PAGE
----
Located in the sixth arrondissement of Paris, Lison de Caune's showcase is built around a straw marquetry panel inspired by the artist Frank Stella, a famous American painter considered to be one of the precursors of minimalism.
To echo this work and participate in the decor by Constant Clesse, the nine partners of Par Excellence have each imagined pieces of furniture reflecting their unique skills.
Atelier de Ricou combines two different skills on a daily basis: the creation of contemporary painted decors and the restoration of paintings and sculptures. In order to dress the window for Lison de Caunes, the artisans created a material which combines gypsum and paint and is worked with a spatula. The plaster plates were cascaded on a colored background, then arranged harmoniously to the desired visual effect. This rather free material forms a counterpoint to the graphic perfection of Lison de Caunes' inlays.
A new creation of the Manufacture, the carpet "Fragments" was produced with various textile techniques, offering a play of textures which are woven, looped and tufted by hand. Wool, Berber wool, silk, bamboo, lurex and linen are all mixed within this creation whose half-circles echo the straw marquetry panel.
Made of solid green marble, the coffee table for the showcase was made in France by Ateliers Saint-Jacques with a matte finish. Placed in the center of the scene, the rounded top of the creation contrasts with its geometric base.
To accompany this piece of furniture, the craftsman also made a bench in walnut and patinated bronze. The doors of this piece of furniture were designed in brass and wood marquetry to form a moucharabieh, a partition frequently used in the traditional architecture of Arab countries.
Our artisans from Lyon have contributed to the creation of this piece, making the seat cushion of the bench with a mattress effect cushion. This seat has been upholstered with velvet and is decorated with a braid from Declercq Passementiers.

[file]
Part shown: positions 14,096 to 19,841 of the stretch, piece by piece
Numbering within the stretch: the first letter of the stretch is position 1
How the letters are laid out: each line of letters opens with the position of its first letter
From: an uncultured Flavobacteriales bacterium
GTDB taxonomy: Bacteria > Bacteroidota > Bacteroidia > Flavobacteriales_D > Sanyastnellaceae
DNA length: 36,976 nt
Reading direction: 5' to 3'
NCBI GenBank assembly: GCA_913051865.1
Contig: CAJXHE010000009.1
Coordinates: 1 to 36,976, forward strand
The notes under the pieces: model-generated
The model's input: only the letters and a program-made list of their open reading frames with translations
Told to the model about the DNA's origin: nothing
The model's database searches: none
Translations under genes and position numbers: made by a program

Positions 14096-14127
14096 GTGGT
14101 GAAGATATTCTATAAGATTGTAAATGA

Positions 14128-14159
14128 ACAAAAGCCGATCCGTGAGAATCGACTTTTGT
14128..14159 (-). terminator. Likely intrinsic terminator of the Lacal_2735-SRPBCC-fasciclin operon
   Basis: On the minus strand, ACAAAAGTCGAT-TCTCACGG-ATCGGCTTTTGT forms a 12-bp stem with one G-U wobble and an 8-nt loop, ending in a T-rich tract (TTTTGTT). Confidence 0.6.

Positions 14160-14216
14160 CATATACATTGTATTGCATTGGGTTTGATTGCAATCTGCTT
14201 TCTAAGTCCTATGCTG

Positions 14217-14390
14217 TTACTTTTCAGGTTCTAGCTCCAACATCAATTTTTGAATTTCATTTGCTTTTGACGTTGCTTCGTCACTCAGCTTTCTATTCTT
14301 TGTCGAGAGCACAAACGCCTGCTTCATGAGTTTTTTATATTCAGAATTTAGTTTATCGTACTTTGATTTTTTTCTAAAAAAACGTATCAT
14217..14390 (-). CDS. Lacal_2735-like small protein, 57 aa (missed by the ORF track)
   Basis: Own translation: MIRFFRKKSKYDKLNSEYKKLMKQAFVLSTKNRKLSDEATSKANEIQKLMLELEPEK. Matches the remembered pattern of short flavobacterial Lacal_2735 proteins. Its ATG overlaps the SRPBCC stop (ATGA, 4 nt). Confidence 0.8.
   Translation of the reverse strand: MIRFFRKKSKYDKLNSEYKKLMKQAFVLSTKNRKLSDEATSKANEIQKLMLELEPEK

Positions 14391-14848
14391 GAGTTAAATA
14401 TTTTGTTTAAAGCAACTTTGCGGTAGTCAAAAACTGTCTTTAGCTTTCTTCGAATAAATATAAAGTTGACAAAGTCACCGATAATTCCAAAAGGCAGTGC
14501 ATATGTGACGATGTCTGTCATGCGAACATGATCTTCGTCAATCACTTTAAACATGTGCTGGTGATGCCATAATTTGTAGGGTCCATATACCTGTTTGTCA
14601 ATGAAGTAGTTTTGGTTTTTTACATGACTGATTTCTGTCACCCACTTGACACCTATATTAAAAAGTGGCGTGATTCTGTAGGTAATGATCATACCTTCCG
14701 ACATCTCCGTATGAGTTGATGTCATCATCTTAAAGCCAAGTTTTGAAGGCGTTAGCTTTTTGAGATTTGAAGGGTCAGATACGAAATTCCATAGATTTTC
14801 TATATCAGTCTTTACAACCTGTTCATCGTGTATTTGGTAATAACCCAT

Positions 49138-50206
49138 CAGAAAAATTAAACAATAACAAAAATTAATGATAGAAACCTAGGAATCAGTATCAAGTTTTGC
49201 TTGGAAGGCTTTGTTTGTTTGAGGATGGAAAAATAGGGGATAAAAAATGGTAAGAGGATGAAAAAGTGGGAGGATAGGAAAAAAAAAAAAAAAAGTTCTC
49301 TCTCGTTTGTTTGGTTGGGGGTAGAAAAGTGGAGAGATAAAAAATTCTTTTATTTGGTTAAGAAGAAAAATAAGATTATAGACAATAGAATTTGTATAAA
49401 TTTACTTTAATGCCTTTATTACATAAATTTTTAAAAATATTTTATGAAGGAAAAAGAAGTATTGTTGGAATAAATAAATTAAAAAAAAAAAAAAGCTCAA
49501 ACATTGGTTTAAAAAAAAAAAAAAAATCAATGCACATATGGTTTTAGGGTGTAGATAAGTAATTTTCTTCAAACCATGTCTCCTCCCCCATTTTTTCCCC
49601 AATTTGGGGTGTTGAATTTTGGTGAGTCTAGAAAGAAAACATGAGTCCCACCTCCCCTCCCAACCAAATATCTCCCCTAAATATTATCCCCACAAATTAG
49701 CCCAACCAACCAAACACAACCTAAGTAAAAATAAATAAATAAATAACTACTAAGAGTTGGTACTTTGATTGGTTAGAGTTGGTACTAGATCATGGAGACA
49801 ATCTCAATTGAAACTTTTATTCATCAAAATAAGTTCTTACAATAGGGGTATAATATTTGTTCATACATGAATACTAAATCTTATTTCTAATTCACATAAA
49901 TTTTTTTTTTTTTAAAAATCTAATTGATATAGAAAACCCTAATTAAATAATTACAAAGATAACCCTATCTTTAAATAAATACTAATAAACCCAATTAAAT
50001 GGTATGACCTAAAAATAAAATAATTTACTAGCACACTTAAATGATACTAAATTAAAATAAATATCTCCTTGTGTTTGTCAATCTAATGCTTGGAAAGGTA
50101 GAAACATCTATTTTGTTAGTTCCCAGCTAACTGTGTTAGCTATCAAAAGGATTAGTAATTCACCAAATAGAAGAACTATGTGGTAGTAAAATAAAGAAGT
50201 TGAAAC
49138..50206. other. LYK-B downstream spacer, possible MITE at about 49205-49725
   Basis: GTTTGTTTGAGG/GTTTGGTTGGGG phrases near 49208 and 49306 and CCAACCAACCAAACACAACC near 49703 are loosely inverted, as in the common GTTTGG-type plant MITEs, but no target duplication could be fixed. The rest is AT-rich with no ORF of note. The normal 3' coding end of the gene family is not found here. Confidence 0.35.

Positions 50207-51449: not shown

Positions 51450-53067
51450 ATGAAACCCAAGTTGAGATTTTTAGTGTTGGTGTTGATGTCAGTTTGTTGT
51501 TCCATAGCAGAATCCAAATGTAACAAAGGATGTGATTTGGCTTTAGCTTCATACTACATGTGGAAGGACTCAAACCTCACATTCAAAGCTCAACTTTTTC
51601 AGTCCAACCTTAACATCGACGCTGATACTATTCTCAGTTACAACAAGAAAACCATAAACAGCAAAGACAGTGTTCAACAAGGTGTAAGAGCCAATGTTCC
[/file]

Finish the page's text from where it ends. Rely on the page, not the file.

Specialized in lighting design, Ozone has developed and produced a reading light on a stand in aluminum and brass, covered with red straw marquetry from Lison de Caunes. This piece was created a few years ago for a Par Excellence exhibition in New York, and is now displayed in the Parisian window of Lison de Caunes.
Meljac has become a worldwide reference in the luxury electrical hardware market: lighting controls, socket plates, lamps and other custom-made creations. Meljac's craftsmen have created a "Totem" power strip in brass covered with straw marquetry, presented here as a decorative object in its own right.
Damier switches in brass were also developed by Meljac with three engraved buttons.
Designed by Thierry Lebufnoir, director of the company Auberlet & Laurent, a set of intertwined discs in the ceiling was imagined to be tailored with the environment. At the same time harmonious and functional, he conceptualized the work by foreseeing a luminous channel for indirect led lighting.
To dress this window, our seamstresses have made a double-sided curtain. Lined with a cotton satinette, this curtain is decorated with a braid and is installed on Corler hardware. In addition to the bench seat cushion made by the Saint Jacques workshops, our upholsterers have made an ottoman which incorporates a straw marquetry ring and sits on a brass finishing base also designed by the Saint Jacques workshops. This ottoman has been carefully covered in a velvet by Declercq Passementiers.
A family-run trimmings company founded in 1852 in Paris, Declercq Passementiers perpetuates a traditional savoir-faire. The curtain made by our craftsmen is composed of two beautiful fabrics from Declercq Passementiers, Tartaruga color Lapis and velvet Oxydation color Lichen, both designed by Jerome Declercq. This drape is adorned with a custom-made archival braid and two Utopia tiebacks, paying tribute to the architect Le Corbusier.
A big thanks to Lison de Caunes for this initiative, to the Par Excellence collective, and its faithful partners for this creative synergy which we are so fond of.
Photos: © Nicolas Matheus